Transportation Equity Act for the 21st Century
The United States federal Transportation Equity Act for the 21st Century (TEA-21) was a federal transportation bill enacted June 9, 1998, as Public Law 105-178. TEA-21 authorized federal surface transportation programs for highways, highway safety, and transit for the 6-year period 1998-2003. Because Congress could not agree on funding levels, the Act, which had continued past 2003 by means of temporary extensions, was allowed to lapse.
The transportation equity act requires that seven planning factors be included in regional transportation plans. The plans must:
- support the economic vitality of the metropolitan planning area, especially by enabling global competitiveness, productivity and efficiency;
- increase the safety and security of the transportation system for motorized and non-motorized users ;
- increase the accessibility and mobility options available to people and for freight;
- protect and enhance the environment, especially by promoting energy conservation and improving quality of life;
- enhance the integration and connectivity of the transportation system across and between modes, for people and freight;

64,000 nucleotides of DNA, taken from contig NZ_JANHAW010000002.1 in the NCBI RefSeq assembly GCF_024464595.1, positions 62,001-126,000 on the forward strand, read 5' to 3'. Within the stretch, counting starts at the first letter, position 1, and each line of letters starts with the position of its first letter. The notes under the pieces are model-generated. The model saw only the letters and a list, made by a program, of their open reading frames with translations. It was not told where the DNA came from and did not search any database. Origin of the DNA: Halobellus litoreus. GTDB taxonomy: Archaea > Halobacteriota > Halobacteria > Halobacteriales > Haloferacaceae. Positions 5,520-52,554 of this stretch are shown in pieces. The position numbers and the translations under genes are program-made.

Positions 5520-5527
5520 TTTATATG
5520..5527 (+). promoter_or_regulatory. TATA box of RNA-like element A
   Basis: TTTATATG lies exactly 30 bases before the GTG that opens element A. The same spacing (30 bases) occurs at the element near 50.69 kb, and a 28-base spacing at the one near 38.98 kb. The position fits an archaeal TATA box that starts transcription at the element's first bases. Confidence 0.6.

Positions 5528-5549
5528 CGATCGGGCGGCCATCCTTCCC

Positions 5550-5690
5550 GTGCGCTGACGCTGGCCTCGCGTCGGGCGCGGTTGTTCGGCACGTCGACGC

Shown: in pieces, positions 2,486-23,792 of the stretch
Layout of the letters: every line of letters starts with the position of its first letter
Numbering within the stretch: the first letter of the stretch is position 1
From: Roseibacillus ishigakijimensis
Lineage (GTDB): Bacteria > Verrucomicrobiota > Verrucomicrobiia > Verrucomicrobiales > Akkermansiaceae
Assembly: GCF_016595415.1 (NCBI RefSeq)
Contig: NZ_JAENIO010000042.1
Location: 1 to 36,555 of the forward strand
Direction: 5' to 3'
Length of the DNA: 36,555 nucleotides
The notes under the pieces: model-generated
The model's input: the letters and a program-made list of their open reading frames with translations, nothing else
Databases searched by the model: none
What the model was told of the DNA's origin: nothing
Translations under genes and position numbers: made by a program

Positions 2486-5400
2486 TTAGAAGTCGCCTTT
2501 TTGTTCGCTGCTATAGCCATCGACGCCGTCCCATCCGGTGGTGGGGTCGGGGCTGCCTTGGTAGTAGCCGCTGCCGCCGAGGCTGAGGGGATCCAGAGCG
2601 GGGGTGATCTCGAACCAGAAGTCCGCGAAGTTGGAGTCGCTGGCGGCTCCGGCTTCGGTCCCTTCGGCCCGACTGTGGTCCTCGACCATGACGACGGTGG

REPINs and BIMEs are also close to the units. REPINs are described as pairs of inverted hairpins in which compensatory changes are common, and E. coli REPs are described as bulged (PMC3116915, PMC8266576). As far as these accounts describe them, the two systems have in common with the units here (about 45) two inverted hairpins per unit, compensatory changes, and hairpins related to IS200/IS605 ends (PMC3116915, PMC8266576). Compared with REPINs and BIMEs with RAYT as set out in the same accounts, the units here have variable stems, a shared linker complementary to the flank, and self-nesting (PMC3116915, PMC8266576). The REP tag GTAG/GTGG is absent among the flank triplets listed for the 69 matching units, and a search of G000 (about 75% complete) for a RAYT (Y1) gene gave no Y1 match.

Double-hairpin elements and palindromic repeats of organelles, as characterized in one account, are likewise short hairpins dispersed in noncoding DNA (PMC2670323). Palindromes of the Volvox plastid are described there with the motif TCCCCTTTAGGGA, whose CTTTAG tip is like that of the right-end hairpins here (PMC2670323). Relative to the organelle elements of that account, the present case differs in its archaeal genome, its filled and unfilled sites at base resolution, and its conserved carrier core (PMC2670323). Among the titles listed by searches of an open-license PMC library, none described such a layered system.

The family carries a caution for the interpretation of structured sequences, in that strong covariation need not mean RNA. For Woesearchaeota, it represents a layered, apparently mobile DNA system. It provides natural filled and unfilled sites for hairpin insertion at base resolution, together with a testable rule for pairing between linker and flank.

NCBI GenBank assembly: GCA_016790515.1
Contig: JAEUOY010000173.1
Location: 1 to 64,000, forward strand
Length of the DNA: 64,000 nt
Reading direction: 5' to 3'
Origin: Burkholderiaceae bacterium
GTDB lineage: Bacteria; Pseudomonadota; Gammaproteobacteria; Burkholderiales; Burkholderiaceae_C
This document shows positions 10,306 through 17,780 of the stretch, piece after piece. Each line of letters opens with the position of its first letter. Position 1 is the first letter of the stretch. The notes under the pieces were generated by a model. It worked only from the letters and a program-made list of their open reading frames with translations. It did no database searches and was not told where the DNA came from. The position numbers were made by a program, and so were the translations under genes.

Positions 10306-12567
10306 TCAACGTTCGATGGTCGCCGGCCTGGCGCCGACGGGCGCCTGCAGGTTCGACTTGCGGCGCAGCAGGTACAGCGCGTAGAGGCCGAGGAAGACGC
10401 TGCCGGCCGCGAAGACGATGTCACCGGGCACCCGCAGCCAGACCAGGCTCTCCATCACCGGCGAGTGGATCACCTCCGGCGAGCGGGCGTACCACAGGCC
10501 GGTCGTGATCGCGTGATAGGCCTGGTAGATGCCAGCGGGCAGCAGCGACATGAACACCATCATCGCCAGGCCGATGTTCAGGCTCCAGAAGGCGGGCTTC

- promote efficient system management and operation; and
- emphasize the efficient preservation of existing transportation systems.
Factor 4 was expanded by the Safe, Accountable, Flexible, Efficient Transportation Equity Act (SAFETEA-LU) in 2005 and now reads: "protect and enhance the environment, promote energy conservation, improve the quality of life, and promote consistency between transportation improvements and State and local planned growth and economic development patterns". See 23 USC 135(d)
Section 1211(d) prevents the United States Department of Transportation from requiring state departments of transportation to use the metric system. This has had the effect of delaying metrication in the United States with respect to road construction, though some states had already completely converted.
- JARC (Job Access Reverse Commute)
- TEA-21 official web site
- National Society of Professional Engineers
- Wired, Washington Fiddles as Infrastructure Crumbles - Retrieved 16 Oct 2009
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